Both carotid endarterectomy (CEA) and carotid artery stenting (CAS) are common treatments for carotid artery stenosis. Several randomized controlled trials (RCTs) have compared CEA to CAS in the treatment of carotid artery stenosis. These studies have suggested that CAS is more strongly associated with periprocedural stroke; however, CEA is more strongly associated with myocardial infarction. Published long-term outcomes report that CAS and CEA are similar. A reduction in complications associated with CAS has also been demonstrated over time. The symptomatic status of the patient and history of previous CEA or cervical radiotherapy are significant factors when deciding between CEA or CAS. Numerous carotid artery stents are available, varying in material, shape and design but with minimal evidence comparing stent types. The role of cerebral protection devices is unclear. Dual antiplatelet therapy is typically prescribed to prevent in-stent thrombosis, and however, evidence comparing periprocedural and postprocedural antiplatelet therapy is scarce, resulting in inconsistent guidelines. Several RCTs are underway that will aim to clarify some of these uncertainties. In this review, we summarize the development of varying techniques of CAS and studies comparing CAS to CEA as treatment options for carotid artery stenosis.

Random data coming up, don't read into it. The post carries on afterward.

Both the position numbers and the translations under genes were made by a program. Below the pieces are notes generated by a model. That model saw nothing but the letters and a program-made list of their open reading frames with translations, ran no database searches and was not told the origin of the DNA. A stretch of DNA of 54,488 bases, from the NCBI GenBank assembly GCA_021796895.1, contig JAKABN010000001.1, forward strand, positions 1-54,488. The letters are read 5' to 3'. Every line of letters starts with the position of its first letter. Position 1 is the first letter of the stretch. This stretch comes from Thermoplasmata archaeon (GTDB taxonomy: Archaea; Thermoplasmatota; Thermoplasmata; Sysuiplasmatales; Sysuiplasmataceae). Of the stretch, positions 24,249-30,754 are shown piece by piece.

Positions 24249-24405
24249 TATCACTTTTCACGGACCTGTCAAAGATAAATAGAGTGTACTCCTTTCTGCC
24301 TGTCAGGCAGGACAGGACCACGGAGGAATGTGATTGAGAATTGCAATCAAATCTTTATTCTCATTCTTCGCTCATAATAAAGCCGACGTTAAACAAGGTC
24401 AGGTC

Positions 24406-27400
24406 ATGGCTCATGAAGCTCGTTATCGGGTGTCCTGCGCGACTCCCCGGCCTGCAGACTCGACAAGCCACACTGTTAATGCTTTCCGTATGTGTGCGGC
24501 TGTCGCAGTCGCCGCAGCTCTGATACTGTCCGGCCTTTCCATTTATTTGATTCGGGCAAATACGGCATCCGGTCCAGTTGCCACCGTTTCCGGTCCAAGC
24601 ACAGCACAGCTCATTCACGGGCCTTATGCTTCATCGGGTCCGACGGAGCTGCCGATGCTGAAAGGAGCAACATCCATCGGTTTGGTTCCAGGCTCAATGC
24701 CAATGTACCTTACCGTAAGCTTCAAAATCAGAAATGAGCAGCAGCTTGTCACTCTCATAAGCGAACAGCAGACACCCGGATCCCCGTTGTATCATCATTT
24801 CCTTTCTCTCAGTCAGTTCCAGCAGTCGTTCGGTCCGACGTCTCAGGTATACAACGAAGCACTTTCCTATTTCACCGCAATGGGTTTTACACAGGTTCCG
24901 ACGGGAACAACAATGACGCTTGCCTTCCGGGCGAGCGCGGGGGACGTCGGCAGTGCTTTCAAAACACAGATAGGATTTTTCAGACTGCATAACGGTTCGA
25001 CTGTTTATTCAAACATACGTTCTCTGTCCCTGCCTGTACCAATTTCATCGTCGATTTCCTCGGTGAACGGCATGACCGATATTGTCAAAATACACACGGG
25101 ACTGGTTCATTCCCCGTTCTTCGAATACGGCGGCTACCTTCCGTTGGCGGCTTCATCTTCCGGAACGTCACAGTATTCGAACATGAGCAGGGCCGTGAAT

- carotid artery atherosclerosis
- carotid artery stenosis
- carotid artery stenting
- carotid endarterectomy
- stroke prevention